A carpenter bee was busily moving about when I came upon her. I watched for a while as she crawled in an out of her burrow—spring cleaning, I wondered?

Walking further and further down the path this way, I could feel peace settle in. If I closed my eyes and breathed, I barely existed—except to feel the breeze on my skin and hear the whisper of trees. My footsteps, my heartbeat, my thoughts were so far away, they sounded hollow and unreal.

From the flirting of birds in the trees to the surprise of late-spring wildflowers come early, the forest was brimming with life and spirit…and suddenly, so was I.

“In silence, oneness with everything is possible….” — Dale Carlson

>>CLICK HERE to read the whole post.


This post is part of a month-long, nationwide blog tour for my new book Evidence of Flossing: What We Leave Behind, hosted by Wow! Women on Writing. Buy the book today!

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BOOK REVIEW by Writer David W. Berner

“The French poet and novelist, Victor Hugo, wrote, ‘The reduction of the universe to the compass of a single being, and the extension of a single being until it reaches God—that is love.’ Jennifer A. Payne expands on those words with an unflinching account of our unshakeable relationship to the modern world around us, God, nature, and ourselves.” — David W. Berner

>> Click here to read the full review.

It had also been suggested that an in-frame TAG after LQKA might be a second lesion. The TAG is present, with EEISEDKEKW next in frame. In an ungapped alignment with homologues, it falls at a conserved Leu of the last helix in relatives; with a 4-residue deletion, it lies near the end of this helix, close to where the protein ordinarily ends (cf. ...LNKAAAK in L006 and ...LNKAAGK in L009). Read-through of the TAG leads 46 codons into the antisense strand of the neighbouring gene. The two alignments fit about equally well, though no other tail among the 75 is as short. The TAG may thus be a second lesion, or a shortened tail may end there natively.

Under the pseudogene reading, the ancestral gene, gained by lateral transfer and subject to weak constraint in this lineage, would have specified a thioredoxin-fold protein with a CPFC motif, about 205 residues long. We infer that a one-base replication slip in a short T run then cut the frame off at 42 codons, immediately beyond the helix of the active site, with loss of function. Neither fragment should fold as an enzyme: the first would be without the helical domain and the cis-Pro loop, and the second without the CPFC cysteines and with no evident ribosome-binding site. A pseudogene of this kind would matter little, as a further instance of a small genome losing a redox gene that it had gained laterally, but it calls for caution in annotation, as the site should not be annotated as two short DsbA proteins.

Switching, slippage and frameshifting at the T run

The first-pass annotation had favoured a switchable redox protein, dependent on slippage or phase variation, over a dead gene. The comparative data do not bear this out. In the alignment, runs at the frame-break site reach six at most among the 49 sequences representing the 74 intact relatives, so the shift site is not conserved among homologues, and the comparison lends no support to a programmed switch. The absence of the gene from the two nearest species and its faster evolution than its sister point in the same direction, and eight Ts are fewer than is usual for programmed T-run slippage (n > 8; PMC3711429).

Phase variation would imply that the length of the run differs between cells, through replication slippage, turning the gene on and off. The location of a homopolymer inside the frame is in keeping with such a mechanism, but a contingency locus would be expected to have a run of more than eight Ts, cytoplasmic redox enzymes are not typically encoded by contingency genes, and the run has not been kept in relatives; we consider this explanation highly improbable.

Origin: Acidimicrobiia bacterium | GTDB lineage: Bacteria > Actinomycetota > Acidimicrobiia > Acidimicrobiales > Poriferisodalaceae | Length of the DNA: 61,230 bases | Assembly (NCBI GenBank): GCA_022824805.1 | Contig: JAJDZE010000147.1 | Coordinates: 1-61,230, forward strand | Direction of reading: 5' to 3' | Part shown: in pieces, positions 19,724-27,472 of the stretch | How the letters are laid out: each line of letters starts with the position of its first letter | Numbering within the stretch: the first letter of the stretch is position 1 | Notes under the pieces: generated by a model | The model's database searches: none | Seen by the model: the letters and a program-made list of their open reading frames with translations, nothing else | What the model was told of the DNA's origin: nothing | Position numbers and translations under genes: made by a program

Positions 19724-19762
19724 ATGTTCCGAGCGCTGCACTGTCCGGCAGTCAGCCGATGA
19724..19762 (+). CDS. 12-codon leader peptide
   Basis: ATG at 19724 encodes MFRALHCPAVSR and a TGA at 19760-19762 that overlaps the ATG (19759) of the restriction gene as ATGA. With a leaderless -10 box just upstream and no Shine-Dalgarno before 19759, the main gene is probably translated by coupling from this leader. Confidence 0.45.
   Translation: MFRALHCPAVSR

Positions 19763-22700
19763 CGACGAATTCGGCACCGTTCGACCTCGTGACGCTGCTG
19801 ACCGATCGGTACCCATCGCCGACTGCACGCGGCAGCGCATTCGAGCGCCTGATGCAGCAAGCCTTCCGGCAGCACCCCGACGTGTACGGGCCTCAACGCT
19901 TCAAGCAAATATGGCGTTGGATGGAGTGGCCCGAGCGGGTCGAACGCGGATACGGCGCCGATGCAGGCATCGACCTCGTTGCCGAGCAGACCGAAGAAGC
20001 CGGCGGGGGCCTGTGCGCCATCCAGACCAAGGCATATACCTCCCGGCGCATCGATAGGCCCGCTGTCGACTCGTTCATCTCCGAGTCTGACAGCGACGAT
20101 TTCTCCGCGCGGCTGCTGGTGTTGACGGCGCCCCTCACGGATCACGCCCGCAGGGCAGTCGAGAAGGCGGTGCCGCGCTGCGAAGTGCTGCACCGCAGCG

This review is part of a month-long, nationwide blog tour for my new book Evidence of Flossing: What We Leave Behind, hosted by Wow! Women on Writing. Buy the book today!

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GUEST BLOG POST: Finding Inspiration

Today, I’m a guest blogger on CMash Reads, sharing my thoughts on… FINDING INSPIRATION When I told a friend last spring that I was writing a poem a day for National Poetry Month, she asked me how I found the inspiration for 30 poems. “It’s like rummaging around in a junk drawer,” I told her.… Continue reading GUEST BLOG POST: Finding Inspiration

Are you complicating what is really simple?

If coyote has shown up, you may wish to ask yourself…Are you being too serious? Have you forgotten that play time is essential to health? Are you complicating what is really simple? — Ted Andrews, Animal Speak

I.

From the trailhead…
the colonnade of maple
the brook, the path sub rosa
the slight overlook
  the
  hill
a shaded crest
relieves the wearied
disappearing
a slow curved decent
to somewhere else.

II.

Here, the primeval sweep
reveals its community…
tree and shrub and vine
glade and pond, stand
silent in the morning still
but pine song and robin trills
an earthy incense lingers
on low draped mist
revealing change
  night to day
  weary to worship
then sudden breath.

III.

We see each other
suddenly, unstartled…
I heard you singing
I say to her without words
Yes, she nods, and I
heard you breathing

We stand as if in prayer
silent, heads bowed
Can I stay with you?
Greet the day on all fours
howl at the world
rising with the southern wind?
But she is suddenly shadow
  or ghost
  or dream
Namaste, I whisper
heading east to meet the sun.

If you like this poem, you’ll LOVE Evidence of Flossing: What We Leave Behind, the new book by Jen Payne. Click here to buy your copy today! ©2017, Jen Payne
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Local Shops Supporting Local Authors

Doing some holiday shopping this weekend? Stop by these fabulous local shops for copies of Evidence of Flossing plus many distinctive gifts for everyone on your list!


Martha Link Walsh Gallery
188 North Main Street, Branford, (203) 481-3505
www.marthalinkwalsh.com


Rock Garden
17 South Main Street, Branford, (203) 488-6699
www.rockgarden.com


Seaside Home & Gifts
172 Thimble Islands Road, Branford, (203) 481-1177
www.seasidehomeandgifts.com